A trust is a legal entity that is central to a three-part agreement in which an individual the trusts "grantor" transfers the legal title to an asset to that trust for the purpose of benefiting one or more beneficiaries. The trust is managed by one or more trustees. Trusts may be revocable or irrevocable and are sometimes included as part of a will.
The trusts grantor names a trustee to handle investments and manage trust assets. The grantor can work with the trustee on major decisions, or the trustee can be assigned full authority to act on the grantors behalf. Trustees have a responsibility -- known as "fiduciary responsibility" -- to act in the grantors best interest. In some cases, the grantor may serve as trustee.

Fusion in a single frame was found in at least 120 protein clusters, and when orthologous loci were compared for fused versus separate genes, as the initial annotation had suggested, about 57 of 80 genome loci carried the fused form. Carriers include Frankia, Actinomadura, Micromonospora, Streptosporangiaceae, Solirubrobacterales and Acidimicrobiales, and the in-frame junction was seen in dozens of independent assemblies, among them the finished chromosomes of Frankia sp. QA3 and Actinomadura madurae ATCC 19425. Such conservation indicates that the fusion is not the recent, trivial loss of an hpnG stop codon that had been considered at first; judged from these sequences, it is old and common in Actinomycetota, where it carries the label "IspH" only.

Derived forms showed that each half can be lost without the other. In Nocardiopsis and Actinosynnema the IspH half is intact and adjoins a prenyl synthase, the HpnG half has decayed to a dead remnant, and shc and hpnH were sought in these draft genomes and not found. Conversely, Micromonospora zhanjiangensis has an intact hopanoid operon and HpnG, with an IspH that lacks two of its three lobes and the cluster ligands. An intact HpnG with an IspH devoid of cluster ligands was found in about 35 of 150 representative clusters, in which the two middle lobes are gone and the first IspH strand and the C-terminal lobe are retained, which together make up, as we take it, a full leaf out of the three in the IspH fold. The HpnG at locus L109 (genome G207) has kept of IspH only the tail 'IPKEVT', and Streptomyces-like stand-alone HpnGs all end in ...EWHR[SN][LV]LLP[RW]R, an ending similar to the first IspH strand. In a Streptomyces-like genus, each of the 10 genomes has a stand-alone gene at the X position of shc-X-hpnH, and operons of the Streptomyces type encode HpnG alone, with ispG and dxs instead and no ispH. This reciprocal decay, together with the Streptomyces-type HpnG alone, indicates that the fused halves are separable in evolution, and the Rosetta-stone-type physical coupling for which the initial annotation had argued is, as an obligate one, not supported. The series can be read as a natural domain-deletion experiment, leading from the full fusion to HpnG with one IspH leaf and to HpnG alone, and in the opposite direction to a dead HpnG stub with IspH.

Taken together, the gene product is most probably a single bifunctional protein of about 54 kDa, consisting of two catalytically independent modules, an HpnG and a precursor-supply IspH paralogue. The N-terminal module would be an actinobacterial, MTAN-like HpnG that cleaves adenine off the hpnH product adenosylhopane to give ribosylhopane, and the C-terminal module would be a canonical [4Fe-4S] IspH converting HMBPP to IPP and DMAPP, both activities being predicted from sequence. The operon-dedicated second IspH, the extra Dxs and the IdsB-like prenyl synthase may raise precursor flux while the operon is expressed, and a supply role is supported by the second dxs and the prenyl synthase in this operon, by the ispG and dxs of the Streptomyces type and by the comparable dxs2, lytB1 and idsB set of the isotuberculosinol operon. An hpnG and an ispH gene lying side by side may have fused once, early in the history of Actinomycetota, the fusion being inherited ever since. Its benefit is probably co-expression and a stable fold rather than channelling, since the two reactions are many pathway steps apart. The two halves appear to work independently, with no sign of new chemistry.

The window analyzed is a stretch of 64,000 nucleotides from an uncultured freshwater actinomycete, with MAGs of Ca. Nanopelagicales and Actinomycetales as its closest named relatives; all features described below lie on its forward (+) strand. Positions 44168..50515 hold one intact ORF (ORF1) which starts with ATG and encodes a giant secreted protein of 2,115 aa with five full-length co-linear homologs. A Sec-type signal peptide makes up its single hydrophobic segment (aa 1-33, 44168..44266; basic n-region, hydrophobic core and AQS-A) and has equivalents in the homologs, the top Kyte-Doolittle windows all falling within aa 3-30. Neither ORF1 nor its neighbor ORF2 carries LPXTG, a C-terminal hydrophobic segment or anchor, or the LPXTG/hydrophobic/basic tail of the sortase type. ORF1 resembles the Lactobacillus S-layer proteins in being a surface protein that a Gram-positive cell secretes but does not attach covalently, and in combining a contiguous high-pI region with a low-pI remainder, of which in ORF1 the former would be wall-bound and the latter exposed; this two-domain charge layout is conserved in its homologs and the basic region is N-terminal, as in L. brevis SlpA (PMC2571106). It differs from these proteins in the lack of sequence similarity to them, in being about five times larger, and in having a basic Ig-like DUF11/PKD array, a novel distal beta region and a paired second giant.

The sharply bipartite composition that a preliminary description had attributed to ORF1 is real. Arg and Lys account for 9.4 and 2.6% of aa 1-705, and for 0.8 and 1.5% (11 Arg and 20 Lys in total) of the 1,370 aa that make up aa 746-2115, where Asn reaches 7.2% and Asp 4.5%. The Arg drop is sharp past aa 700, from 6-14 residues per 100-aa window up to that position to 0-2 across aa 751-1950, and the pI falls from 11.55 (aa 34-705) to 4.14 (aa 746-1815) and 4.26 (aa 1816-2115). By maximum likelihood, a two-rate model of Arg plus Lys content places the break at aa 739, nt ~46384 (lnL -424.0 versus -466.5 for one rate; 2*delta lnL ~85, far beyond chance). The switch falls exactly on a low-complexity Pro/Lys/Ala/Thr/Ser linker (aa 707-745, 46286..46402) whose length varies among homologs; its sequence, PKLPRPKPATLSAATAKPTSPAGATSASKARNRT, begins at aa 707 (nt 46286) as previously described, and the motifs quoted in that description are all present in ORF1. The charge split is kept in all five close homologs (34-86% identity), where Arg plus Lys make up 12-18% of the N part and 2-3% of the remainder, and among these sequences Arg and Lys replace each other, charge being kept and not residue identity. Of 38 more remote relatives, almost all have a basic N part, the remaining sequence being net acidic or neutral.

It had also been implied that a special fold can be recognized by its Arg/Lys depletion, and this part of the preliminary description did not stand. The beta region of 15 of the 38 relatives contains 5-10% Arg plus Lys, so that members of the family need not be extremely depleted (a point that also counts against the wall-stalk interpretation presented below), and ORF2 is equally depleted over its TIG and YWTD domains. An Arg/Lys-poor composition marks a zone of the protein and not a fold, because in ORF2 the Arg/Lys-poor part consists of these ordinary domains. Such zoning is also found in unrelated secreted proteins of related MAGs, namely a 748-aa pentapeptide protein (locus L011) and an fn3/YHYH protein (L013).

Although trusts can be used in many ways for estate and financial planning, they are most commonly used to control assets and provide financial security for both the grantor and the beneficiaries; provide for beneficiaries who are minors or require expert assistance managing money; avoid estate or income taxes; provide expert management of estates; avoid probate expenses; maintain privacy; and protect real estate holdings or a business.
Your qualified legal professional can help you evaluate if a trust may be appropriate for your situation.